You just can’t keep some people happy.
The media and DFL have been chanting for the past week that Emmer hasn’t released his plan for completely re-engineering government. I pretty well walked through the reasons not to yesterday.
But another reason might be that Emmer knows – as anyone who watches the Minnesota DFL can figure out – that actually answering questions isn’t the issue.
One area where Emmer has put out actual numbers and concrete proposals is the issue of Local Government Aid.
And yet one of the DFL’s latest chanting points is that “Tom Emmer wants to eliminate Local Government Aid. The four DFL candidates Dayton, Anderson-Kelliher, Entenza, and “Independence” Party DFL-Lite candidate Horner all duly parroted the line at the “Green” debate, and Minnesota’s huge class of government hangers-on has uncritically adopted the line.
Naturally, it’s not true.
- …was originally intended to subsidize basic services in poor outstate cities,
- …has been completely inverted, with the Twin Cities, Minnesota and Duluth getting 2.5 times as much LGA per capita as the rest of Minnesota’s cities,
- …has become a vast money-laundering scam, to intended to conceal profligate local spending by fobbing it off on the rest of the state, and thus…
- …causing the Big Three cities to act like a heroin addict deprived of his fix when the funds are cut at all; the Big Three cities have become used to being able to hide their excesses by paying for it with other peoples’ money; when LGA gets cut, they face what would be a sisyphean choice for most government bodies, to cut or to raise taxes. For the DFL-dominated cities, it’s not really a choice; they raise taxes and pass the proverbial buck.
So LGA has become a political kicktoy; big cities need it to keep up the spending and so secure their constituencies and still avoid the pain of excessive tax hikes; the Republicans in their base – the exurbs – understandably ask why it is that a program that was supposed to ensure that Middle River could pay for a water plant now forces Minnetonka, which gets no LGA at all, to pay for Saint Paul’s fire department, so Chris Coleman can build more indoor ice rinks.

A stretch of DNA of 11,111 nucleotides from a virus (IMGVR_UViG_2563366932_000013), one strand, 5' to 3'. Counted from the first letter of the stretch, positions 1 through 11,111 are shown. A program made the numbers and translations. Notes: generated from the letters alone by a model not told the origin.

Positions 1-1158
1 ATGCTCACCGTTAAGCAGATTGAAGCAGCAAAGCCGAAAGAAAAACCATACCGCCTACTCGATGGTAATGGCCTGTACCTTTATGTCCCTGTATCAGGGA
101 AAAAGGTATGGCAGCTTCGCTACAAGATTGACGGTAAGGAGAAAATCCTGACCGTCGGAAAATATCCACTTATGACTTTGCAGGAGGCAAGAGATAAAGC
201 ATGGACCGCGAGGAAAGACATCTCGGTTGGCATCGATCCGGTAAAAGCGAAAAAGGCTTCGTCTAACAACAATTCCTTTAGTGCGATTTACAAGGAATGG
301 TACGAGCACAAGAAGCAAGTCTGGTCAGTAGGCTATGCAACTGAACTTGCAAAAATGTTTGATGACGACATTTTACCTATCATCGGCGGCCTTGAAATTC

As Emmer’s campaign notes on its website notes on its website, Emmer has sought to stop the insanity:
Tom Emmer is the author of the Minnesota Fair Plan, a bill that would institute a new program to replace (not eliminate) the current system of local government aid (LGA). The Bill was HF 339 of the 86th Legislative Session of the Minnesota Legislature.
The Minnesota Fair Plan would eliminate the current practice of allocating LGA resources by city, a process that has proven rife with political wrangling, with a more equitable system of pooling LGA resources by county and placing responsibility for the distribution of such funds to the county commission. This is hardly the equivalent of “eliminating LGA.”
Emmer’s worked as a defense attorney; I suspect he’s had to shepherd more than a few defendants through spin-dry, and he knows that addicts like crackheads and major cities don’t just recover from their addictions instantly:
The transition from the current system to the new system is designed to take place over several years, to allow city councils to adjust to the Minnesota Fair Plan.
The base level of LGA will be reduced to 40% of the 2009 level for cities over three years with the balance of the funds given to counties to distribute among any and all of the localities within their county as they see fit. The total amount of LGA available will continue to be determined by the legislature. The amount for the current fiscal year listed in the bill was $526,148,487; or just over a half billion dollars.
Half a billion dollars. To be accurate, the total LGA amount for 2009 (the year Emmer introduced the bill) was $526,141,547 – about $7,000 less than Emmer’s proposal, according to League of Minnesota Cities figures.
So what Emmer has actually proposed isn’t eliminating LGA; it’s taking the cities’ share (all cities, from Middle River to Minneapolis) out of the cities’ hands and issuing it (over time) to the counties.
It’s not a matter of money; it’s a matter of control. The DFL wants it; Emmer’s proposal would put a speed bump in the way – another level of accountability.
And the DFL hates speed bumps on the road to your wallet.